How to Reverse Rudeness in 2018
“Rudeness is a weak imitation of strength.” Eric Hoffer
We hear a lot about rudeness these days, but what does it actually mean? How bad has it gotten? And what can we do to reverse it?
While the degree of rudeness we experience varies from person to person, one thing is certain: rudeness is on the rise—at work, at home, on our roads, and in our communities. From Twitter tirades to unprecedented allegations of workplace harassment and ever-worsening vitriol and road rage, there’s no shortage of practical evidence proving that point.
And that’s backed up by formal statistics, which are outlined in the recently released 2017 Civility in America report from Weber Shandwick and Powell Tate in partnership with KRC Research. This study shows that 75% of respondents are in agreement with the statement “Incivility in America has risen to crisis levels,” and 56% expect incivility to worsen. These findings correlate with the “hands up” surveys I’ve been doing with Canadian audiences for years. Clearly, rudeness isn’t geographically selective.
What does rudeness mean?
Simply put, rudeness means behaving or speaking in objectionable or offensive ways. The “Big Three” components of rudeness are incivility, unprofessionalism, and disrespect.
The thing is, each of us has a different interpretation of what objectionable or offensive means. We also have varying thresholds for what some refer to as “unbecoming” comments and conduct.
What can we do about it?
Try as we might, it’s pretty hard, if not downright impossible, to change other people. What we can do, however, is inspire others to modify their behaviour by changing our own. And there’s no better way to begin than taking steps to decrease the disharmony so many of us are experiencing.
With that goal in mind, here are six suggestions for reversing rudeness in 2018.
1. Set high standards
None of us can afford to wait for others to tell us how to present ourselves—verbally, physically, or electronically. In order to be successful in our personal and professional lives, we need to set our own standards. And we need to set them high.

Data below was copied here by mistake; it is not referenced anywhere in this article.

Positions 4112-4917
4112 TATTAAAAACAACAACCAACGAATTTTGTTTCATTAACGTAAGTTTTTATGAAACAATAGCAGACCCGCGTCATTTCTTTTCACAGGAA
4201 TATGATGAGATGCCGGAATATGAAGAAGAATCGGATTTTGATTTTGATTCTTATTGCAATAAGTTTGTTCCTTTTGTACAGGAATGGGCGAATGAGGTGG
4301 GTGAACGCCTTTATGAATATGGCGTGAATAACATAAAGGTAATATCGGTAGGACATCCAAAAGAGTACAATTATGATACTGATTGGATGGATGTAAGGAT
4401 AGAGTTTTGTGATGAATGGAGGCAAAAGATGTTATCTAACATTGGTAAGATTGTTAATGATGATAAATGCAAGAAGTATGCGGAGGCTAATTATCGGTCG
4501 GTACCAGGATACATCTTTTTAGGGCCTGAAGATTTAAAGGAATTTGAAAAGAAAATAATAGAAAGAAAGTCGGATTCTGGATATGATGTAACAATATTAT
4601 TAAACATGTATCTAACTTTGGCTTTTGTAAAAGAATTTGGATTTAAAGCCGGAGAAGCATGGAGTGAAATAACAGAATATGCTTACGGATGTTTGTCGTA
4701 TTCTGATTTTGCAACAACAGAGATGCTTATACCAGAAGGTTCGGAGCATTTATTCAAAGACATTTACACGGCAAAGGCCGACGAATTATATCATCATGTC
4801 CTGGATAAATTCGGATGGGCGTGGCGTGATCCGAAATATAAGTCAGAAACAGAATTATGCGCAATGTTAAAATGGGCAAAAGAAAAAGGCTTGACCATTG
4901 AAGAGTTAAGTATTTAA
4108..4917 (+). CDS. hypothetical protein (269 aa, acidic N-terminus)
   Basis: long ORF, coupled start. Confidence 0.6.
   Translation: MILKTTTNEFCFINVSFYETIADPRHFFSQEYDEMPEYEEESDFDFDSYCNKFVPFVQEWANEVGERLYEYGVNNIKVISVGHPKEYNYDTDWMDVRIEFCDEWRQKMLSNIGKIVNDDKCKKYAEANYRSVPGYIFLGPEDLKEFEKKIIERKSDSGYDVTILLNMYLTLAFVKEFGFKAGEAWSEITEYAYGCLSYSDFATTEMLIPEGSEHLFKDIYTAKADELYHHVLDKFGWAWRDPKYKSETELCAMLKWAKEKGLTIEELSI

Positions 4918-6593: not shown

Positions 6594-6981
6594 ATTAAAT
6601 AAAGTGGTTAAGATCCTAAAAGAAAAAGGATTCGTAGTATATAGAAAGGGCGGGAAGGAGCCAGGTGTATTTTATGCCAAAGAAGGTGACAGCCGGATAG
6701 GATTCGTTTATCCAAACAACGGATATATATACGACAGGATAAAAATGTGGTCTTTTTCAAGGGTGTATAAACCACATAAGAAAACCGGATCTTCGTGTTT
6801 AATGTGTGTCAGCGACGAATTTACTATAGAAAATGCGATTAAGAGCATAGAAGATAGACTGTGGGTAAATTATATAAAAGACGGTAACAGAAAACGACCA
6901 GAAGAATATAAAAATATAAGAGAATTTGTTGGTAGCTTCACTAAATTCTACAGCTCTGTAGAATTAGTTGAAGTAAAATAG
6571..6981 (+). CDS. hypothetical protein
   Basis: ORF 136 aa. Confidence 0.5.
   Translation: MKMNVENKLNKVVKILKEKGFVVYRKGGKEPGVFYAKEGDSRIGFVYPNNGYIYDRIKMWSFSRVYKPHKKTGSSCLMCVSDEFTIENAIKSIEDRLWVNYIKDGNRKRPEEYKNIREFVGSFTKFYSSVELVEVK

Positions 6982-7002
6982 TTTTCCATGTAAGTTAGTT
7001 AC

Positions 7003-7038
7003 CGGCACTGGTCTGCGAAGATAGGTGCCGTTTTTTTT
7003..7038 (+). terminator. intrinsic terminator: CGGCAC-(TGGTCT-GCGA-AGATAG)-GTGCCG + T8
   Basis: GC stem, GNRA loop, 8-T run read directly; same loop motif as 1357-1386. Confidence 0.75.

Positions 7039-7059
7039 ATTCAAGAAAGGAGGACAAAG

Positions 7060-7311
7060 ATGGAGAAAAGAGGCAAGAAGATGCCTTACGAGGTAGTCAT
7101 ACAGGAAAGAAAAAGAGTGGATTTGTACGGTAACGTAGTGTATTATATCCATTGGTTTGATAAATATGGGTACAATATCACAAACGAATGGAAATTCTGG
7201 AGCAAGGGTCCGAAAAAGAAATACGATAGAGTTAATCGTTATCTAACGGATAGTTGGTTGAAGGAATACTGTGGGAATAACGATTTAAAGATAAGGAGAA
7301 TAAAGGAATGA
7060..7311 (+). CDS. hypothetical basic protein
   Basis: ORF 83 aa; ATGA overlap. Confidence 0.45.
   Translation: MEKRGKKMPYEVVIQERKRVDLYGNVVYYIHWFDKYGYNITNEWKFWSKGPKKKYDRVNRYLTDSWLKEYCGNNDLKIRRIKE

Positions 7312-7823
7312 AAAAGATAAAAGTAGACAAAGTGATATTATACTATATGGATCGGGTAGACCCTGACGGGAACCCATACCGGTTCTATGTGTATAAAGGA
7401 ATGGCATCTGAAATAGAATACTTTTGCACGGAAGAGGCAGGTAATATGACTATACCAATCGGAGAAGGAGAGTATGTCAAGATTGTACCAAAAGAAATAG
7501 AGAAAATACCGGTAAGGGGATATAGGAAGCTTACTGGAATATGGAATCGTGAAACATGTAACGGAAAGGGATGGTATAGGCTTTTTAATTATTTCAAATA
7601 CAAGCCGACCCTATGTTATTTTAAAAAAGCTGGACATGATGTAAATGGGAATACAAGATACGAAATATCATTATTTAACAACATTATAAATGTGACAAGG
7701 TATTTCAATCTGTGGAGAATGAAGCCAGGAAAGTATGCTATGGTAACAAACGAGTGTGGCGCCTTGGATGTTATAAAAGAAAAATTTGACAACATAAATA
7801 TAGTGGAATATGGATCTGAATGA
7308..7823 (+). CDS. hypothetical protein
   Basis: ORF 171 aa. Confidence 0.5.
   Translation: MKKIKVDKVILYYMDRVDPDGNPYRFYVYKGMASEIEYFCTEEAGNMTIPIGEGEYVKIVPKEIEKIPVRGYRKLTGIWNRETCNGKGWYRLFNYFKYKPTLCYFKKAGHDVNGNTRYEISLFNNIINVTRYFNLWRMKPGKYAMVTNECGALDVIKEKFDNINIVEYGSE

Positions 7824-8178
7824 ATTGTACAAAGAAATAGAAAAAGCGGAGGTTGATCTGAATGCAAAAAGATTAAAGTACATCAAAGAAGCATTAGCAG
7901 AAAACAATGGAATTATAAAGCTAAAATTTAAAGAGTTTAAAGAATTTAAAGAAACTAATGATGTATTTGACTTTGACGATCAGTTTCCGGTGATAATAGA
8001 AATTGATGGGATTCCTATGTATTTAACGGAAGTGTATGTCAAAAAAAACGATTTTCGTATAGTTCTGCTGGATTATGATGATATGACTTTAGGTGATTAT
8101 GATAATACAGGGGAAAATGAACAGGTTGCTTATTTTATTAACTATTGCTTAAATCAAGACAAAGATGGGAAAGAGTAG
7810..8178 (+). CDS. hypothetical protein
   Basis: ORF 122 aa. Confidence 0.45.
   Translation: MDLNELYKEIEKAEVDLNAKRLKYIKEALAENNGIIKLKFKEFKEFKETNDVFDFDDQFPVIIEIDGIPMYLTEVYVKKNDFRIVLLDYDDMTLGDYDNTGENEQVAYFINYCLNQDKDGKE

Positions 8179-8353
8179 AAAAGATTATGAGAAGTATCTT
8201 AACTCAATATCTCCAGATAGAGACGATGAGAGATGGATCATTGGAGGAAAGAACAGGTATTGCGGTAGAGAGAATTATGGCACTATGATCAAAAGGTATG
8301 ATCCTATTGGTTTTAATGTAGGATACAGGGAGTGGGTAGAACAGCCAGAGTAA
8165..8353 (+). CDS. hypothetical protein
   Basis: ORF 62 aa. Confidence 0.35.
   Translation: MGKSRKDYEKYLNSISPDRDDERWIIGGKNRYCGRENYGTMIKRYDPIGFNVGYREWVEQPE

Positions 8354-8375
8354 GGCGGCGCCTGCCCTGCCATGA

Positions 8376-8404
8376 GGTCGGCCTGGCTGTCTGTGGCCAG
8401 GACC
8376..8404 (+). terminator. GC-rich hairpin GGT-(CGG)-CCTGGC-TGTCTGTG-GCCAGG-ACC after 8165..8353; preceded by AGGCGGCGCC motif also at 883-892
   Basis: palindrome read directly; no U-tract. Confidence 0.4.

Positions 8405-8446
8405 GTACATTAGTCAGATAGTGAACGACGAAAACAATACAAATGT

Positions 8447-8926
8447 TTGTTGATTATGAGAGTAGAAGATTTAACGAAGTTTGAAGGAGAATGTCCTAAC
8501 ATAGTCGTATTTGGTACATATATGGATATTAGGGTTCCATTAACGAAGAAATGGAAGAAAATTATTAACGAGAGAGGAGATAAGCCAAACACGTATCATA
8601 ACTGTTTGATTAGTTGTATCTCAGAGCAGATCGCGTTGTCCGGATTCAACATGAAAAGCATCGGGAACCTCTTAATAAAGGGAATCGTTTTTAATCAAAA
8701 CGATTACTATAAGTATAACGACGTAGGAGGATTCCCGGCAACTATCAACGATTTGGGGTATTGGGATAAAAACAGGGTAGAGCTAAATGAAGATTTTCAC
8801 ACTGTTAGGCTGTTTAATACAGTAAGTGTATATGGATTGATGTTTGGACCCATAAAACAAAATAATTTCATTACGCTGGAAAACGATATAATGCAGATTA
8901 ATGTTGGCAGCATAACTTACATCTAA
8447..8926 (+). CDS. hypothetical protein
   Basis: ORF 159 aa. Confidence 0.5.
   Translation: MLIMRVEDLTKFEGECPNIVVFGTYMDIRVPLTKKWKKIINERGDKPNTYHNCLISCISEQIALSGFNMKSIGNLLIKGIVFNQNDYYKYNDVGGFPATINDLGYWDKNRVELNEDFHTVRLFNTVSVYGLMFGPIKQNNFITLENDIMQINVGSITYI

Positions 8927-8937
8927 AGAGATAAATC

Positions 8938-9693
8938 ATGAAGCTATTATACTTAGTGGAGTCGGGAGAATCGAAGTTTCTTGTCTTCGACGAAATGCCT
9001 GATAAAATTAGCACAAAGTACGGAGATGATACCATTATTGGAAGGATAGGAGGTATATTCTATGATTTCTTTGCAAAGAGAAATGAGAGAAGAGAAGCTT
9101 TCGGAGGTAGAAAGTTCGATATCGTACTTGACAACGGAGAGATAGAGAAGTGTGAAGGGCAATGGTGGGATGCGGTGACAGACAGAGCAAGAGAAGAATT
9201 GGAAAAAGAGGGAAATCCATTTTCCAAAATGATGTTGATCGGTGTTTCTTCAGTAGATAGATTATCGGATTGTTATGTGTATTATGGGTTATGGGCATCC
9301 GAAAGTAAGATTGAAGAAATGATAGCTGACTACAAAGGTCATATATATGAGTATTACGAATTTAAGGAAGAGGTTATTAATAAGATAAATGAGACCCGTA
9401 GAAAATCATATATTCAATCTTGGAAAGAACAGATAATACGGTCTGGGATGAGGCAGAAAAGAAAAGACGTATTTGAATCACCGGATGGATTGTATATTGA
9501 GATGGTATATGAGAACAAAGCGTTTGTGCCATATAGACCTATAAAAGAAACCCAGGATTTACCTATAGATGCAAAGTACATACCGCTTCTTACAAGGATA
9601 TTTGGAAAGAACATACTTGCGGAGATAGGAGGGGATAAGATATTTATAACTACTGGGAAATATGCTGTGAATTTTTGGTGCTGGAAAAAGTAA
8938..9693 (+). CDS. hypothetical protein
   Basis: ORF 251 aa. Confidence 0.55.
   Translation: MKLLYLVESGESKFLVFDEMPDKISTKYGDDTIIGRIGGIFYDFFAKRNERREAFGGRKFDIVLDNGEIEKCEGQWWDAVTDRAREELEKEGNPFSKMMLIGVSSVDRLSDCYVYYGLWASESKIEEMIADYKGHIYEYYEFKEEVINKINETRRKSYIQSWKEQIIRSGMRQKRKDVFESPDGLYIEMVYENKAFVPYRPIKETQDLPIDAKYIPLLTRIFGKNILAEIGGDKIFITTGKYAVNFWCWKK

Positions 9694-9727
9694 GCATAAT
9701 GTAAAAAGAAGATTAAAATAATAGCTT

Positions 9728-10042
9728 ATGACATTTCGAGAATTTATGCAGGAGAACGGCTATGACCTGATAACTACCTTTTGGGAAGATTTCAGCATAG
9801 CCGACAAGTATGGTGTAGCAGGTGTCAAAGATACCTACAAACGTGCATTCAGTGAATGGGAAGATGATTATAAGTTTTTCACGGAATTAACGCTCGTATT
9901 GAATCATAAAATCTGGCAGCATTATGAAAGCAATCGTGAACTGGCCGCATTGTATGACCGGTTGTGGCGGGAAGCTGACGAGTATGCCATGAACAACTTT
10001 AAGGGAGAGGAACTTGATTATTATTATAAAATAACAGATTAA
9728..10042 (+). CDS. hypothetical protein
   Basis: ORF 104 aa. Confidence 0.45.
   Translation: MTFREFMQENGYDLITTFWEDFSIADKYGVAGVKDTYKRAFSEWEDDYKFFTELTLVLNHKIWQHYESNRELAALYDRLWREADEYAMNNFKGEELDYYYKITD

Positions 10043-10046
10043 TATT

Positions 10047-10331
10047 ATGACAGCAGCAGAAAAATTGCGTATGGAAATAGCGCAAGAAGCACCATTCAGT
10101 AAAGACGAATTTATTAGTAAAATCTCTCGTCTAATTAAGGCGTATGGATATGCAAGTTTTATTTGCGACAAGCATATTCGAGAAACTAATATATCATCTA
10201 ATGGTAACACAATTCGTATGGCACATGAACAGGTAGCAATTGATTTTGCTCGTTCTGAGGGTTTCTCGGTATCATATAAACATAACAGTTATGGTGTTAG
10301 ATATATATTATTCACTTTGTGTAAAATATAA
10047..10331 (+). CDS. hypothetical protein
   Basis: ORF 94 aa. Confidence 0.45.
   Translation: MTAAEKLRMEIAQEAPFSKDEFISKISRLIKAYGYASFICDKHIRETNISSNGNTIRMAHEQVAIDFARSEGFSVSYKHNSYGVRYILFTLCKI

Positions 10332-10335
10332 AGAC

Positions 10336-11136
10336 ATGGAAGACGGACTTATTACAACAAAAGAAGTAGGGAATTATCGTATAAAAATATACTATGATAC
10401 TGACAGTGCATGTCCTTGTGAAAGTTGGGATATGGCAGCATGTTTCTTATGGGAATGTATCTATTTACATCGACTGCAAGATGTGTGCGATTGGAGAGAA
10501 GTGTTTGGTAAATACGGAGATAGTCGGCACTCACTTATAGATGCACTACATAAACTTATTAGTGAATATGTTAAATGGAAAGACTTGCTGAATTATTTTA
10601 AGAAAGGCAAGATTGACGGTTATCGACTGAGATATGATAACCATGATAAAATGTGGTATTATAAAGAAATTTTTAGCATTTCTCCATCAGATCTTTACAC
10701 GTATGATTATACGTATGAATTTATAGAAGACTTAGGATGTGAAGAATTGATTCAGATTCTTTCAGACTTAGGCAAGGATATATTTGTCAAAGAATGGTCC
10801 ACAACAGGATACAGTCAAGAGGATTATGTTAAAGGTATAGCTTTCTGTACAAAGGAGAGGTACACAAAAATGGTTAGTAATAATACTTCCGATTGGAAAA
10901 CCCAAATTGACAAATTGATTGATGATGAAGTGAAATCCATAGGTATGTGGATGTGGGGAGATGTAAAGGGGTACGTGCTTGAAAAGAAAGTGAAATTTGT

I suggest creating a personalized list of guiding principles. It doesn’t need to be a long list, 4 or 5 points will do. Consider categories like Branding (how you’ll express your authentic self), Communication (how you’ll connect and correspond with others), Boundaries (how you’ll recognize and declare your limits), Socializing (with whom and where you will and won’t go), and Privacy (what is sacred vs. what you’ll share).
Having those principles fleshed out empowers us to stand up for ourselves when faced with challenging circumstances or outstanding opportunities. It also sets an internal radar, which will intuitively alert us to situations that are out of alignment with our core beliefs.
2. Honour all commitments
It can be challenging to honour every commitment we make, but doing so is vital if we want to gain a reputation for being reliable. Honouring a commitment means more than just showing up on time. It also involves being prepared, declaring our expectations, and doing what we say we’ll do, when we say we’ll do it. Every. Single. Time.
Here’s an example. You’re concluding a meeting with someone and agree to send them a vital document in the next few days. You could say, “I’ll get that to you some time next week.” But you’ll be much more likely to actually complete that task if you change that statement to something more specific, such as, “You can expect that report in your inbox by Thursday at noon.” The first is a comment. The second is a commitment. As soon as you verbalize that date and time, put it in your calendar. You’ll be amazed by how much your proclivity for procrastination abates.